Keyes said he grew up wrestling with the heritage of slavery and understanding its true meaning. As a result, he said, "I have seen through that phony promise of socialism, that government-dominated largesse. It simply means that we shall all become slaves on the government’s plantation."

Is that what slavery was all about?  An effort by white landowner to provide food, shelter, and jobs to blacks? 

Did Keyes get that idea from a Texas textbook or something? 

Fox News: "Fair and Balanced"

On Tuesday, we received a media request from Fox News, asking if someone from People For the American Way would be willing to appear on their program "America’s Newsroom" the following morning to discuss what they are calling "Texas Textbook Wars."

As we have been following the issue closely, we felt prepared to discuss it while being fully aware that Fox's coverage of the issue has been, top date, somewhat less than objective. Nonetheless, we agreed to appear on this segment, only to be informed shortly thereafter that the segment would have to be bumped from Wednesday's program, due to the need to cover the results of Tuesday's various primary elections. 

That seemed entirely reasonable and when Fox asked if we'd be willing to re-schedule the segment for the same time on Thursday, we agreed.  But then, late on Wednesday, we were informed by Fox that the segment was being dropped entirely and that we wouldn't be appearing on the program to discuss this topic. 

Again, that was perfectly understandable as these things happen. 

But all of that took place behind the scenes at PFAW, leaving me was unaware that our participation in the segment had been canceled.  As such, I tuned into Fox's "American's Newsroom" yesterday morning expecting to see our Senior Fellow Peter Montgomery on the program discussing this issue ... but instead, this is what I saw:

Fox had dropped us from this segment and instead decided to just give "concerned parent" Terry Ann Kelly three minutes to explain how conservatives simply want to add some "balance" to the curriculum by teaching children about their religious freedoms.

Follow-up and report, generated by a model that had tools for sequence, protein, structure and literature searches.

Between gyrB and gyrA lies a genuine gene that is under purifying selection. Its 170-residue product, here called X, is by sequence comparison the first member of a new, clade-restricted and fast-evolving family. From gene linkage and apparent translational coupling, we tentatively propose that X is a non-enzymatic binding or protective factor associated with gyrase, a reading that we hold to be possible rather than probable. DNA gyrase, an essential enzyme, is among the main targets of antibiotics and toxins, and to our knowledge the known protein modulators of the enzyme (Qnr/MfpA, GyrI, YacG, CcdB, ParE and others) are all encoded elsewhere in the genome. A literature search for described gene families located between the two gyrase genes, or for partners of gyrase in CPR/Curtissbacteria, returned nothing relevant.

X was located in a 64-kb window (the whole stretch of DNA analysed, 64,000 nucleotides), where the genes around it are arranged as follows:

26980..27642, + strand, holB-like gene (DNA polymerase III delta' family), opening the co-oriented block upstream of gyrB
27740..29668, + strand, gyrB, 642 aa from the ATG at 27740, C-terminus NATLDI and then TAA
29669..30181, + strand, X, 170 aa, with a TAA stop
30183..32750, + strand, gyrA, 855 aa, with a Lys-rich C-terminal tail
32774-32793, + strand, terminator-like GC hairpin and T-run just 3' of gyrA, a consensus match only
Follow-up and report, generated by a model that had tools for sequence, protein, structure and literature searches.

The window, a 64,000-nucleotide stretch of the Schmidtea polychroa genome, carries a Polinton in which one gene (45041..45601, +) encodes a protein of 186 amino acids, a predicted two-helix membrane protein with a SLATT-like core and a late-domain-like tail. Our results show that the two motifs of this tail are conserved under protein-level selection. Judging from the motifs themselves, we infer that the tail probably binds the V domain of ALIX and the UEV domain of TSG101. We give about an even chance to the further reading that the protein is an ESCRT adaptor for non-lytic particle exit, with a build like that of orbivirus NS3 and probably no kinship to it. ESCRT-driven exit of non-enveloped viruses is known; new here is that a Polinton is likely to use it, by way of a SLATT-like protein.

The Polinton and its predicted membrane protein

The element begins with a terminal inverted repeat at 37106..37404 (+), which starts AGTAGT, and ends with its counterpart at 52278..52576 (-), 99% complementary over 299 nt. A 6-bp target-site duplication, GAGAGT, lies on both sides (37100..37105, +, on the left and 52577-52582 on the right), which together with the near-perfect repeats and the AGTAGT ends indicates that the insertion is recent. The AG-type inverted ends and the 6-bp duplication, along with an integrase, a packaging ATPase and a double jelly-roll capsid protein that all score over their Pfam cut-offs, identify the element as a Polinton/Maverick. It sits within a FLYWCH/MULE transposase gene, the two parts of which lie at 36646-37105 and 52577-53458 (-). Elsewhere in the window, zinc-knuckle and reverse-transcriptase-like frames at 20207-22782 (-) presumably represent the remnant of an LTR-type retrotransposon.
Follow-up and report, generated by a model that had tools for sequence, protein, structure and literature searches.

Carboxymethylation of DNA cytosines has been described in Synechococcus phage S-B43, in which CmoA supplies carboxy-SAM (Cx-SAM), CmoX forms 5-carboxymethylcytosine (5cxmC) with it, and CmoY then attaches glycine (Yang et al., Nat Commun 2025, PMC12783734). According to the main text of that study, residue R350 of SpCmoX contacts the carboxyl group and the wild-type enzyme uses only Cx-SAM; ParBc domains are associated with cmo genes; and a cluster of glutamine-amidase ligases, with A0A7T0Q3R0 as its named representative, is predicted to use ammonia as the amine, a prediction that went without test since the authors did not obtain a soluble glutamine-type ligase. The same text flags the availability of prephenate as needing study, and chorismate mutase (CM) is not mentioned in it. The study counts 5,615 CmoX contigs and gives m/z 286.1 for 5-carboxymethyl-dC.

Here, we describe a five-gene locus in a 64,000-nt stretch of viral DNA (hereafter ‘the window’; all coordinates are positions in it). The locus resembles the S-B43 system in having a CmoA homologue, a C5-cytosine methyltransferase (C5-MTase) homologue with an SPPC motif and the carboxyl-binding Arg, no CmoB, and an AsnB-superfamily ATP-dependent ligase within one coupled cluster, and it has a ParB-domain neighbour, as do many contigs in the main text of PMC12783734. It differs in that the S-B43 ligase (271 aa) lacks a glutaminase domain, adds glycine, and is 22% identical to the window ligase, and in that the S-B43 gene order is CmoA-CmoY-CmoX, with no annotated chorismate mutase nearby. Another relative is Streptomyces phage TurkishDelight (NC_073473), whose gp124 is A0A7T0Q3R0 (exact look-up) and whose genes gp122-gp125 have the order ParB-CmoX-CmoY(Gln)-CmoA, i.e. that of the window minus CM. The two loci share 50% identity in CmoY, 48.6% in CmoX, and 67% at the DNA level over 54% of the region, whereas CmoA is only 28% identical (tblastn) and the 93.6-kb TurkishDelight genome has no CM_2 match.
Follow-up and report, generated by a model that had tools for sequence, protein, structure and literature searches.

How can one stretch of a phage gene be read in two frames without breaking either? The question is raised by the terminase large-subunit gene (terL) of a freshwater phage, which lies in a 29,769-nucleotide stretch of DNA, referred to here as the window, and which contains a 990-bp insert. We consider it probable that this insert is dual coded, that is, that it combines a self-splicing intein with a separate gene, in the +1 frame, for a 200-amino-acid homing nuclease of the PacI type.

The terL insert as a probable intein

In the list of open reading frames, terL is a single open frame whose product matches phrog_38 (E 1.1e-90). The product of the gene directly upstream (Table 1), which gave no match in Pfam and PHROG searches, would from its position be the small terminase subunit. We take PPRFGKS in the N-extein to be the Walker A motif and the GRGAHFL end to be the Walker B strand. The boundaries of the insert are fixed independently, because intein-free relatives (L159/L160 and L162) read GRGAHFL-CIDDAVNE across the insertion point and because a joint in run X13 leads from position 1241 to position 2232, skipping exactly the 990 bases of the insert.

Of course, Kelly is a bit more than just some "concerned parent":

Terry Ann Kelly has an expansive background in public speaking, radio and television. Over the past twenty years she has been the host for numerous local, regional and nationally syndicated radio programs. She has taught public speaking and Business Communication classes at the university level for Baylor and Dallas Baptist University.

Inspiring audiences to impact their world, Terry Ann enjoys speaking to organizations and women’s events across the country on topics varying from home and family life to moral and social issues. She has appeared on programs such as Politically Incorrect with Bill Maher, seen by over 5 million viewers. She is the co-author of the book, The Power of a Positive Friend (Howard Publishing) and writes articles for magazines and newspapers. She founded Students Standing Strong in 2004.

So after asking us to come on to debate this issue, Fox canceled on us, telling us that they weren't going to run the segment ... and then proceeded to still run the segment, with only the conservative side represented.

Right Wing Round-Up

  • Texas Freedom Network: California Advances Anti-Texas Textbook Bill.
  • Think Progress: Rep. Brian Bilbray Says He Can Spot Undocumented Immigrants Based On The Shoes They Wear.
  • Sarah Posner: Family Research Council's Restoration Of "Christian" Morality.
  • Bruce Wilson: Christian Right Claims Both 2010 Hawaii Gubernatorial Candidates.
  • Alvin McEwen: How to scare the bejesus out of Christians with a failed game plan.
  • David Weigel: J.D. Hayworth disavows ALIPAC -- sort of.
  • Good As You: American Family Association viciously slurs 'sick queers'.